Currently Available: GOG.com, Steam

Other Reviews In This Series:

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Review: Wizardry – Crusaders of the Dark Savant

Onward to the seventh title in the original Wizardry series, Crusaders of the Dark Savant. This game is a direct sequel to Bane of the Cosmic Forge. The storyline picks up right where Bane left off, and you can import your characters from the previous scenario into this one.

In the game, our heroes are actually sent to another planet in pursuit of an evil Cosmic Lord known only as The Dark Savant. The Savant and his army have occupied the small planet in hope of recovering a powerful artifact known as the Astral Dominae. If the heroes wish to stop him, they will have to assimilate themselves with the various races and warring factions of the planet.

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In many respects, this game is similar to Bane of the Cosmic Forge. The most noticeable difference is the upgrade graphics. The art in this game is a step above what was seen in Bane. On top of that, an enhanced version of this game was also released for Windows 95, which is even an improvement on the original version. Again, much like the previous game, this one is completely mouse driven. The game is controlled via a point and click system. The menus and interface are much improved over Bane of the Cosmic Forge in my opinion.

In this game, the claustrophobic atmosphere of the maze is gone. Dark Savant features a variety of locales for players to explore. From forests, to cities, there’s plenty of open world feel in this title. This is somewhat of a new concept for the Wizardry series, but one that is very well implemented here.

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Difficulty: Medium – Again we have a game that is appealing to both legacy players and  the more casual audience. Progress within the game can be saved and loaded at will. Which makes it easy to “ignore” bad choices and party wipes.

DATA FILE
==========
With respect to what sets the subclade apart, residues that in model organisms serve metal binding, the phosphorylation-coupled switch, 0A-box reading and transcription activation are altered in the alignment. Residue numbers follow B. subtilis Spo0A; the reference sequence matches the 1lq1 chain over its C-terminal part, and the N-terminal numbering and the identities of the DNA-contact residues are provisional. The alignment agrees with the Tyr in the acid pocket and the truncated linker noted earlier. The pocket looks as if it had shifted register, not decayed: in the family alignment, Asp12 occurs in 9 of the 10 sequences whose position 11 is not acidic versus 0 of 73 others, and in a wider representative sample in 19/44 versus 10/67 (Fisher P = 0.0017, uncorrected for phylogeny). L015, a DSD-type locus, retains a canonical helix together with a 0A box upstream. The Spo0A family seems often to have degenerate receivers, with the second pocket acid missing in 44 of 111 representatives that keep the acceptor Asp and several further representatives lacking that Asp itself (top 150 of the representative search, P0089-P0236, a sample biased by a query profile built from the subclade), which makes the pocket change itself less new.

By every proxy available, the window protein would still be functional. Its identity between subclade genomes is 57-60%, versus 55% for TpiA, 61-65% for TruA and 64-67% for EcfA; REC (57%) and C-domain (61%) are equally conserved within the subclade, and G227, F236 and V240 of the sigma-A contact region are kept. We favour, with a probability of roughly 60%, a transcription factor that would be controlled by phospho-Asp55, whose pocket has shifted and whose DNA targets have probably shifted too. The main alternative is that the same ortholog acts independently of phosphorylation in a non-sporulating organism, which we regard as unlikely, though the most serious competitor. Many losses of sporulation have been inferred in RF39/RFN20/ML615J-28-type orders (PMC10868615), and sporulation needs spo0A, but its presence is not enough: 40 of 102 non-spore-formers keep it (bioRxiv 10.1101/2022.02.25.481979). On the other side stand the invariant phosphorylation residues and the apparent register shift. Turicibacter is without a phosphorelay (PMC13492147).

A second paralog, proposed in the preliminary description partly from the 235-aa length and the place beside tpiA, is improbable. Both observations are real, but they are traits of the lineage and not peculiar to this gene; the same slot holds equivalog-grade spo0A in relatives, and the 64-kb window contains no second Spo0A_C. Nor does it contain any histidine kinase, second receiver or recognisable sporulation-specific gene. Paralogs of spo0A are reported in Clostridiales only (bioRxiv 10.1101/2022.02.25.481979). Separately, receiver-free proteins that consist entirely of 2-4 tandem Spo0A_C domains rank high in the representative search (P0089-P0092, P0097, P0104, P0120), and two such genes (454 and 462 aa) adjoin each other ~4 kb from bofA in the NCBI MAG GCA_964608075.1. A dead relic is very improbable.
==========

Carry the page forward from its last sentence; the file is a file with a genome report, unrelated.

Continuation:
Story: Once again we have a given a game with a very in depth storyline. Information is not spoonfed to the player like many modern games, but must be sought after and uncovered as the player progresses through the game.

Originality: When you a series as popular as Wizardry, it’s often difficult to make too many changes to the formula without upsetting your core fanbase. Sir-Tech always had a way of making small tweaks and improvements to their games that kept things fresh and exciting without tinkering too much with the things under the hood. This game is a great example of that.

Soundtrack: The game has no musical soundtrack but features sound effects for PCs equipped with a SoundBlaster compatible soundcard.

Fun: This game was another favorite of mine and a young teen. Many late nights were spent exploring the world of Lost Gaurdia. And even today, as I played through the game for this review, I found myself enjoying the game just as much as I did then.

Graphics: By today’s standards, the graphics leave a lot to be desired. However, they were pretty top-of-the-line in the day and age the game made it’s debut. As stated earlier, the “Wizardry Gold” version of this title provides even sharper graphics that the original DOS based version of the game.

Playcontrol:  Here we have a game that is controlled completely by the mouse. The interface and navigation is an improvement over the previous game. Modern gamers may need to take a minute to get the hang of things though.

Overall rating (out of four stars): 4 – Another example of classic RPG gaming at it’s best. Games like this may be a thing of the past, but they are certainly treasures worth cherishing.

Currently Available: GOG.com, Steam

Other Reviews In This Series:

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Review: Wizardry – Bane of the Cosmic Forge